Sorry for my sarcasm, and sorry Mike for taking away from the topic..

     

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  13.  
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    Kev, May 5th, 2007 @ 10:59pm

    Sucks

    What really sucks is that those of us in Canada/North America - and presumably other countries - don't get to see all the highlights/action. So youtube/footytube is an invaluable resource to keep up with the action.

    All greed. Nothing more, nothing less.

     

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  14.  
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    mike allen, May 5th, 2007 @ 11:54pm

    Re: sams comment

    The way i see your argument and the football leagues is this If I take film of my kid kicking a ball about then put that on you tube the football league could then say it is football we own the copyright my answear is bull**** then to follow the argument to its ilogical conclution is that any film taken by anyone then any third party could then say that they own the copyright.
    Wrong under British law the person who takes a picture either motion or still owns the copyright.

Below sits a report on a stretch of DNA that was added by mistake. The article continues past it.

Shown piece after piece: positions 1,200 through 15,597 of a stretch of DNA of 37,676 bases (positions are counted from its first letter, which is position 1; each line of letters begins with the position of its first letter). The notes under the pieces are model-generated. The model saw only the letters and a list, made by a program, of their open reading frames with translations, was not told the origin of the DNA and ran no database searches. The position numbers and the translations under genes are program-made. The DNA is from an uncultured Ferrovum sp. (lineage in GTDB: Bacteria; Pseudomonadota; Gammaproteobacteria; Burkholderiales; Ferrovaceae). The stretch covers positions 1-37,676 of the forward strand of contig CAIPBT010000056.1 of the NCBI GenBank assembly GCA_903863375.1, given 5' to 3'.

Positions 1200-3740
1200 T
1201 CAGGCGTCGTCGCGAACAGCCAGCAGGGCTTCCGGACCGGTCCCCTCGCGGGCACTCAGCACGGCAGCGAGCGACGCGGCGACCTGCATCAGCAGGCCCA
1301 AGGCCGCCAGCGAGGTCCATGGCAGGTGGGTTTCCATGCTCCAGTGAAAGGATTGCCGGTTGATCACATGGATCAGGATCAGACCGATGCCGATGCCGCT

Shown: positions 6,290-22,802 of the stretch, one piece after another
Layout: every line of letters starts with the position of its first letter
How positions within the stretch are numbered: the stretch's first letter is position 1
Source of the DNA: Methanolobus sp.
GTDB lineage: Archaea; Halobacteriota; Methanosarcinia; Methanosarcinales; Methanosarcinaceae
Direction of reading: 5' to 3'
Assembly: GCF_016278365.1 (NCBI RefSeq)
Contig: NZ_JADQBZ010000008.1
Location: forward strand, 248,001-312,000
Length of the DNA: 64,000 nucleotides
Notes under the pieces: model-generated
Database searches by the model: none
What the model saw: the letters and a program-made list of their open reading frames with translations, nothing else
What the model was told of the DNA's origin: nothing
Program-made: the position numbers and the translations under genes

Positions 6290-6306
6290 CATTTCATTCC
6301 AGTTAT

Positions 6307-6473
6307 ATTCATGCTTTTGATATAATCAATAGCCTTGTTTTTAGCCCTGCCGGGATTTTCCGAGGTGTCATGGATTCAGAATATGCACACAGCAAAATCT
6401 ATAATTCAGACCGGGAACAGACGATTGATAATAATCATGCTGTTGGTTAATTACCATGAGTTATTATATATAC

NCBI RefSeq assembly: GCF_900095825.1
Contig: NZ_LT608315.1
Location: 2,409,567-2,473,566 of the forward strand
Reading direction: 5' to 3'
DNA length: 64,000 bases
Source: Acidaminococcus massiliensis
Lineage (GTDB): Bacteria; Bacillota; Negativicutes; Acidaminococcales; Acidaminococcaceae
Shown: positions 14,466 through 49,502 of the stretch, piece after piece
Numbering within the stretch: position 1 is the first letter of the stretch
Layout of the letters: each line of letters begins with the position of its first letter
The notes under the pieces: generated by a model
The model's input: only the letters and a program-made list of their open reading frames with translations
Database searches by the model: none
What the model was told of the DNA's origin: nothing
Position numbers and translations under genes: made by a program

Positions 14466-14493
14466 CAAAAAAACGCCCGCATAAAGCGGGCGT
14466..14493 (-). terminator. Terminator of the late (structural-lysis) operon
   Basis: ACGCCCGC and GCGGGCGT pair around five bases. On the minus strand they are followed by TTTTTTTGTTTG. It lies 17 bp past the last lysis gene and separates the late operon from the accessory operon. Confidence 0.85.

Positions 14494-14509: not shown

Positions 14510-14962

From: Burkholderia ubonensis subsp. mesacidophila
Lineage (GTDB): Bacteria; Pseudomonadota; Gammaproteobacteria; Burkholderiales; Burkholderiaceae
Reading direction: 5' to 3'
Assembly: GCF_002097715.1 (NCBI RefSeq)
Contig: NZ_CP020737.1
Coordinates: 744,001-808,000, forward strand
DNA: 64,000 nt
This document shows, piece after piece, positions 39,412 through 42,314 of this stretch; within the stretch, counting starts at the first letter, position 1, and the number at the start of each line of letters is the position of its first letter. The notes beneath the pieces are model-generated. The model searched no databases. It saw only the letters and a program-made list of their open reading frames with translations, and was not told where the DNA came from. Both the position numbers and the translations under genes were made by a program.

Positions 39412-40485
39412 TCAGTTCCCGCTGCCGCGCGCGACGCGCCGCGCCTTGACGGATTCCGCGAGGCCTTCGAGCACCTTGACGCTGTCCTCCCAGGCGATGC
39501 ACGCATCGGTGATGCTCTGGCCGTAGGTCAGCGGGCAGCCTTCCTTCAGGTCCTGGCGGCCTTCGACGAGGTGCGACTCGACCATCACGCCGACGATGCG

Now if the picture is from a Television broadcast then that is infringment of copyright but it is not the football leagues job to get that sorted out it is the Tv companies job they own the copyright. So the league is really barking up the wrong tree here.
    As to the viacom suit then as I have stated before I beleave Google/youtube were set up as there is enough evidence in my eyes to suggest Viacom got their employees to put the clips up with a view to sue you tube.

     

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  15.  
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    sam, May 6th, 2007 @ 6:46am

    #14....

    hey.. please, if you're going to argue/use my thoughts, please get them right!!

    my 2nd point talked about the owner of the content. i said if a company (owner) owns the content, the guy has the right to post it/not post it where he wants. and that you don't have the right to take it and do what you want to with it.

    if you have the "rights" to take a video of your kid kicking the football in the football league, great, do whatever the heel you want to with it. if you however, are infringing on the football league's rights, then they have the right to scream..